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Obama Calls Russia’s Activity in Ukraine a ‘Brazen Assault’

Posted on Sep 3, 2014

Screen shot from The New York Times

Speaking in Estonia two days before huddling with NATO officials in Wales to discuss the simmering conflict with Russia over Ukraine, Barack Obama characterized the crisis as a “moment of testing” for NATO. Thank you, President Obvious.

Obama also claimed, during Wednesday’s speech at a Tallinn concert hall, that Russia’s recent movements in Ukraine—about which there is still considerable disagreement between Moscow and Washington—represented “a brazen assault on the territorial integrity of Ukraine” that runs contrary to the international decree “that borders cannot be redrawn at the barrel of a gun, that nations have the right to determine their own future.” (Except Iraq and Afghanistan.)

As The New York Times reported, Obama’s Eastern Bloc PR blitz was made a bit awkward by a conspicuously timed announcement from Russian President Vladimir Putin:

Rejecting Mr. Putin’s frequent denials of intervention in Ukraine and his assertion that the Russian presence there is part of a humanitarian or peacekeeping mission, Mr. Obama said it was clear Moscow was responsible for the escalation of tensions there.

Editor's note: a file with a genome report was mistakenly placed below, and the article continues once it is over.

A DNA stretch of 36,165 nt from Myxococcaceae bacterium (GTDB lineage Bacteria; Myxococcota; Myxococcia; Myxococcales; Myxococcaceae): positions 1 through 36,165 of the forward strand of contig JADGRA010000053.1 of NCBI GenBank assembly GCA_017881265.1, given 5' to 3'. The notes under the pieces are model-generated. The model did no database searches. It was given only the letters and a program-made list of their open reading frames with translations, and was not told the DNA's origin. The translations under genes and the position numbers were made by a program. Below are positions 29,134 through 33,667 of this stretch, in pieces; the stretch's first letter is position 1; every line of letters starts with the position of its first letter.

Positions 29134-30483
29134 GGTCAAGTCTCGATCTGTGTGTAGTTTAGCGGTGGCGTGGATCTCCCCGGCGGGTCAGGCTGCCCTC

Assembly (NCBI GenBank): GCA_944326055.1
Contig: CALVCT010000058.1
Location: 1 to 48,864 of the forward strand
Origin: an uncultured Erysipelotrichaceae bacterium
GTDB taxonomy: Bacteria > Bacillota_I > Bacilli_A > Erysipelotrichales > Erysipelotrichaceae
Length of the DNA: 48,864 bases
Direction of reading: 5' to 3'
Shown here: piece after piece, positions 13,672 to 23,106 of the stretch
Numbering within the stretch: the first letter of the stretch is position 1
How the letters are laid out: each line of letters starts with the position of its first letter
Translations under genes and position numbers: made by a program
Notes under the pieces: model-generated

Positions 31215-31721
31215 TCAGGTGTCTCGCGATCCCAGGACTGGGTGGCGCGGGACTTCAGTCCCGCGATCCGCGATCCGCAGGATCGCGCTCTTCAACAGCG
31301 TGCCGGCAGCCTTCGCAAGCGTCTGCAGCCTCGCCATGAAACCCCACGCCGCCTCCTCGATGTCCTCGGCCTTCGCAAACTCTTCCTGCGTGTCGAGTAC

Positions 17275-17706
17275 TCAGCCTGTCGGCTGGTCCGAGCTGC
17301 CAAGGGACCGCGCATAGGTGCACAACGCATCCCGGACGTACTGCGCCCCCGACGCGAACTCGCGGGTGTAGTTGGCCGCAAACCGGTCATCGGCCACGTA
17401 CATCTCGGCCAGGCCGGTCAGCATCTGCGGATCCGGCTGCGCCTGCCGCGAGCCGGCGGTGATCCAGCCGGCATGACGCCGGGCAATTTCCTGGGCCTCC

“It was not the government in Kiev that destabilized eastern Ukraine; it’s been the pro-Russian separatists who are encouraged by Russia, financed by Russia, trained by Russia, supplied by Russia and armed by Russia,” he said. “These are the facts. They are provable. They are not subject to dispute.”

Mr. Obama spoke before news emerged that Mr. Putin had proposed a seven-point plan to end the conflict in Ukraine that could take effect on Friday — precisely when Mr. Obama and his counterparts from NATO would be meeting in Wales to devise a response to Russia’s behavior. Mr. Putin’s announcement appeared deliberately timed to blunt that effort.

However, by the time Obama was done with his Estonian engagement, that hopeful note of reconciliation had already played out, as the Kremlin had decided that “it could not negotiate a cease-fire because it was not a party to the conflict,” the Times added. Could be that the Kremlin was engaging in a bit of multinational chain-pulling with that rather pointed conclusion.

—Posted by Kasia Anderson

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